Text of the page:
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Updated Palliative Chemotherapy for Biliary Tract Cancer Volume 2 - Issue 2

Jun Ho Ji1 and Jung-Hun Kang2*

  • 1Division of Hematology and Oncology, Department of Internal Medicine, Sungkyunkwan University Scholl of Medicine, South Korea
  • 2Division of Hematology-Oncology, Department of Internal Medicine, Gyeongsang National University Hospital, South Korea

Received: January 24, 2018;   Published: February 06, 2018

Corresponding author: Jung-Hun Kang, Department of Internal Medicine, Gyeongsang National University College of Medicine, 79 Gangnam-ro, S-Korea

DOI: 10.26717/BJSTR.2018.02.000731

Abstract PDF


Biliary tract cancer (BTC) is rare and often diagnosed at an advanced stage. Thus, palliative treatment is usually the only option for patients with advanced biliary tract cancer. Many chemotherapeutic agents have been tested. However, few therapeutic medications have been proven to be useful. With the recent increase in the understanding of drug resistance mechanisms and molecular features of cancer cells, possible new drugs are emerging. Herein, we discuss issues including the choice of chemotherapy and optimal chemotherapy and categorizing treatment types into cytotoxic chemotherapy, targeted therapy, and immunotherapy.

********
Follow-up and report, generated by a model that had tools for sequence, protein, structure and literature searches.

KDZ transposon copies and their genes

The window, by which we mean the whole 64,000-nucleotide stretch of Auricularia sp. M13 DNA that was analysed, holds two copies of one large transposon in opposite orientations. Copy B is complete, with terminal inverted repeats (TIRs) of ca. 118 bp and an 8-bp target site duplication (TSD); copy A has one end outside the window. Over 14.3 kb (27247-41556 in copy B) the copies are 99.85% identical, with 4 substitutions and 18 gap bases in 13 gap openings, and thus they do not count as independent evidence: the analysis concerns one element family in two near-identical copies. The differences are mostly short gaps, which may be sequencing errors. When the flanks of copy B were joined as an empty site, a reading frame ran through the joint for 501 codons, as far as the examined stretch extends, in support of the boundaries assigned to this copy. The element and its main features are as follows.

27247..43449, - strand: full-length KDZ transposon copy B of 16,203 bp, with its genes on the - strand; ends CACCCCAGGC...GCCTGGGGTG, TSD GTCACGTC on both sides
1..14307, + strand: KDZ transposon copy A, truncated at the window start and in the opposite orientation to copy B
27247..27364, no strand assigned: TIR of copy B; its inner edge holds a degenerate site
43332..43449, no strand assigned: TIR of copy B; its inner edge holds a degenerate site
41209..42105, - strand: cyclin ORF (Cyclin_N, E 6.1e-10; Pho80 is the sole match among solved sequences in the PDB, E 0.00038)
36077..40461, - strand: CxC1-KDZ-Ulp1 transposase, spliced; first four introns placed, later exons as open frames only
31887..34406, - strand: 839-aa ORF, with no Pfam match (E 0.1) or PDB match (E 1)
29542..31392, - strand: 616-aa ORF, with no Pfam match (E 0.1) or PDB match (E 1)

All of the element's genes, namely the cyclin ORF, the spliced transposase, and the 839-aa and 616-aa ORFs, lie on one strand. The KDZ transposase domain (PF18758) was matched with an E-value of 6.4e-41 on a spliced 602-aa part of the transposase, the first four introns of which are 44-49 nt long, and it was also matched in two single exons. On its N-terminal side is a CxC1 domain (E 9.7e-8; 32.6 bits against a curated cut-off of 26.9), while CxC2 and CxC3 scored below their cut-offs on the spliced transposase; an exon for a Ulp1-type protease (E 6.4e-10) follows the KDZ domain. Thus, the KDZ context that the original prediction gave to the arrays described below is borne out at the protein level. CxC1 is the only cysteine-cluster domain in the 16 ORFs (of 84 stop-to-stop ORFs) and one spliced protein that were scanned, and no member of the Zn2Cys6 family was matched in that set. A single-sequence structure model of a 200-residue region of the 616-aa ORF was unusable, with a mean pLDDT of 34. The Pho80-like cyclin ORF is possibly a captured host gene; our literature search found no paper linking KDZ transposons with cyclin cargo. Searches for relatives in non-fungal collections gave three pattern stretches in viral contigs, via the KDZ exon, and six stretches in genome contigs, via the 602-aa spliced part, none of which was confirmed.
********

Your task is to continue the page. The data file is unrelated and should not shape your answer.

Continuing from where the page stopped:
Keywords: Biliary Tract Cancer; Palliative Chemotherapy


Chemotherapy versus supportive care

Biliary tract cancer (BTC) includes intrahepatic cholangiocar- cinoma, extrahepaticcholangiocarcinoma, gallbladder cancer, and ampulla of Vater cancer. However, advanced BTC shows very poor prognosis regardless of primary location. Although most guidelines endorse chemotherapy for advanced BTC, the benefit of chemotherapy in the aspect of survival and quality-of-life must be proven comparing patients with only best supportive care (BSC [1-3]. The natural course of patients with BTC receiving BSC is reported as an overall survival (OS) of 7.1 months. We reported that chemotherapy improved the OS of patients with advanced BTC by comparing BSC groups (12.7 vs. 7.0 months (p<0.001)).[4]The survival benefit was not proven in groups with normal serum cancer antigen (CA) 19-9 levels. Data regarding the benefit of chemotherapy has been consistently reported in other studies [2,5,6]. Based on these studies, chemotherapy is justified for advanced BTC cancer.

Cytotoxic chemotherapy